One of the most useless mathematical exercises that engineering students do is that of calculating limit of a function using the epsilon-delta definition. The definition is complex, its motivation non-obvious and applications nearly non-existent. While it is true that in many important theoretical calculations this definition is useful, one is not quite sure, where in the day-to-day use would an engineer need to apply it.

However there is a closely related area of mathematics, pertaining to continuity and differentiability of functions which has come to the fore due to new engineering applications in 3D printing and bio engineering. Organ transplants save life, however there are not enough number of human donors to meet the demands.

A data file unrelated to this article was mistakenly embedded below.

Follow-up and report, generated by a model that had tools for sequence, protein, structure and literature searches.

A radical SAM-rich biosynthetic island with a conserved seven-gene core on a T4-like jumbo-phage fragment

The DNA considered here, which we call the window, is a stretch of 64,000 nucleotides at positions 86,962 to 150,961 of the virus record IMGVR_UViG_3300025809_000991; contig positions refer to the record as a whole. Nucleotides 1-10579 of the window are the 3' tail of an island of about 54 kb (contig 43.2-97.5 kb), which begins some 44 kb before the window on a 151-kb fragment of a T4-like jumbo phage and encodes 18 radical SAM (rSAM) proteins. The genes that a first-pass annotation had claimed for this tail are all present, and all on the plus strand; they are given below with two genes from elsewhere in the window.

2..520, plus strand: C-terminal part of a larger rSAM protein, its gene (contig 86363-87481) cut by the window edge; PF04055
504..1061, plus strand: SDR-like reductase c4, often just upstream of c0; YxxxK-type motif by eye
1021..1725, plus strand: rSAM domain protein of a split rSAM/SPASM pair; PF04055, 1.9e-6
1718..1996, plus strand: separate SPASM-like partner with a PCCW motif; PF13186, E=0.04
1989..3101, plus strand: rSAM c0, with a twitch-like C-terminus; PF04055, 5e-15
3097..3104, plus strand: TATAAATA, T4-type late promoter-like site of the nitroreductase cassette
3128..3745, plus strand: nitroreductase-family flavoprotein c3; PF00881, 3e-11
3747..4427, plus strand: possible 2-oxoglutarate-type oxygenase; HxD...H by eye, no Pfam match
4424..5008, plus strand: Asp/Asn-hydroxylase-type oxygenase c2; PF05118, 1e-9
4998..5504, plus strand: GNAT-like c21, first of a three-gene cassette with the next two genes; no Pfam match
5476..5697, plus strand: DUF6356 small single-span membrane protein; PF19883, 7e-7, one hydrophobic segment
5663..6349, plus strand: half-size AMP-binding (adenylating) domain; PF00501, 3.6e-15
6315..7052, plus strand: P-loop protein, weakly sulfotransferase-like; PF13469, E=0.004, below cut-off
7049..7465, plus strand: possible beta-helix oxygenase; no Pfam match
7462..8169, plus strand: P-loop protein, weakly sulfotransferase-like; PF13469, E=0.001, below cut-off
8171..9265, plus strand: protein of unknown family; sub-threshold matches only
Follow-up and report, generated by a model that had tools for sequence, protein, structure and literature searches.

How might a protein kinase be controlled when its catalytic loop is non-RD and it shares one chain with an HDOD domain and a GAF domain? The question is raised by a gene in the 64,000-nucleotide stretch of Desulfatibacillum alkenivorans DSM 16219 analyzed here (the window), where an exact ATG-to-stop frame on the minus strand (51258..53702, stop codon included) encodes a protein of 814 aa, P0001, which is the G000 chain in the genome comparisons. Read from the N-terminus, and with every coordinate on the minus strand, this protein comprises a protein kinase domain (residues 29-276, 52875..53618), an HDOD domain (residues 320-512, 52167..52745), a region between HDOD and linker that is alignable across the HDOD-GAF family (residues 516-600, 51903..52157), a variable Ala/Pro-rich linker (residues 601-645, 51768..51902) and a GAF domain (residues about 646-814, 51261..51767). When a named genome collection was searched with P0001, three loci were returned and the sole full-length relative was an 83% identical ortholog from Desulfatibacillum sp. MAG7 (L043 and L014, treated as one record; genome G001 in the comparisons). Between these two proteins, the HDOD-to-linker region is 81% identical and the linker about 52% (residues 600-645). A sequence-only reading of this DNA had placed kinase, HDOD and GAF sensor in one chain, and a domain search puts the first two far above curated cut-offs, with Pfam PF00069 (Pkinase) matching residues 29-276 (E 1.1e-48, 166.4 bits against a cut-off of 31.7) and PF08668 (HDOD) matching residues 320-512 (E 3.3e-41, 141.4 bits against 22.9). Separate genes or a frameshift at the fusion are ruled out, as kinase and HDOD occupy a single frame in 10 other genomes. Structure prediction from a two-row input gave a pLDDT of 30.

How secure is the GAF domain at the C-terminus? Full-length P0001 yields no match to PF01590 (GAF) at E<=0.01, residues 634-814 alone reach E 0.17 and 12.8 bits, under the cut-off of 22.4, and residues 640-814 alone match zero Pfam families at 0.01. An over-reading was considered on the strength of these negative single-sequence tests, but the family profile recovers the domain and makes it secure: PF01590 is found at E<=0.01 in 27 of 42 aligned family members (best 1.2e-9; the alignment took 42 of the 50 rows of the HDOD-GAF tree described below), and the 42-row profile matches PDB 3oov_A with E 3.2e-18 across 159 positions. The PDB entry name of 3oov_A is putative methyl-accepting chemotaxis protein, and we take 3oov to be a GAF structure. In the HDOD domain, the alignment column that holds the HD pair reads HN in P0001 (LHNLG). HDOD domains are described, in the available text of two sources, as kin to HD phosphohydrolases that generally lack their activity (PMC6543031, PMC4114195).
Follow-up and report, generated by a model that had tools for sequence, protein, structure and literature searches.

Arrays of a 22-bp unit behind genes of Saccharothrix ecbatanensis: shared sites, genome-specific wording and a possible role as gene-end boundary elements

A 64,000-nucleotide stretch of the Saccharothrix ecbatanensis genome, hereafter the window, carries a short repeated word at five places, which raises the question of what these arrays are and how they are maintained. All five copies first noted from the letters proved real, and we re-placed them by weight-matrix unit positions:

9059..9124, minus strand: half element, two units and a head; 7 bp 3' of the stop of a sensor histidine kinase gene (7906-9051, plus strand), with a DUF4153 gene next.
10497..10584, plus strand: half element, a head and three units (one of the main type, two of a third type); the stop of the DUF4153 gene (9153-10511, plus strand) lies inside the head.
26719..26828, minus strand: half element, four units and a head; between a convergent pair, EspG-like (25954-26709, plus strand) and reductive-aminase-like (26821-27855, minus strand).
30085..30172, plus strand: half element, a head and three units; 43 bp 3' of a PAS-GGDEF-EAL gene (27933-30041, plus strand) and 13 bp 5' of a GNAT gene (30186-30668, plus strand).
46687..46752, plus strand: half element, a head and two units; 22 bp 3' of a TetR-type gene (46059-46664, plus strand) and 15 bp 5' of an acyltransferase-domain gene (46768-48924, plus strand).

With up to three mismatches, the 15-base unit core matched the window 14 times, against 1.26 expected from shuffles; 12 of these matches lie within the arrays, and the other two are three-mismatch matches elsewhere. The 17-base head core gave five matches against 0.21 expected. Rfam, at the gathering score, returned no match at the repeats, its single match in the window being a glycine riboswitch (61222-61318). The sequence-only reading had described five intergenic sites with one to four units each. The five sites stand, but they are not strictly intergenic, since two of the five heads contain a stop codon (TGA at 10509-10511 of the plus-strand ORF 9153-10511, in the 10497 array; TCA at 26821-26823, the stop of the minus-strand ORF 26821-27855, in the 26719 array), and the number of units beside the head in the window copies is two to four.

3D printing of organâ€™s is an emerging technology that has immense potential. Human organs, however rarely fit into the standard geometric shapes. To design and analyze organs, the mathematics required is that of fractal geometry. Fractal geometry deals with self similar structures, where a big part of a structure looks like a scaled up version of its smaller part. Such structures naturally occur in our bodies, for example lungs, kidneys and the blood circulatory system. Thus to 3D print such organs, the code required will be more efficient if it uses the foundational ideas of fractal geometry, rather than those of the Euclidean geometry.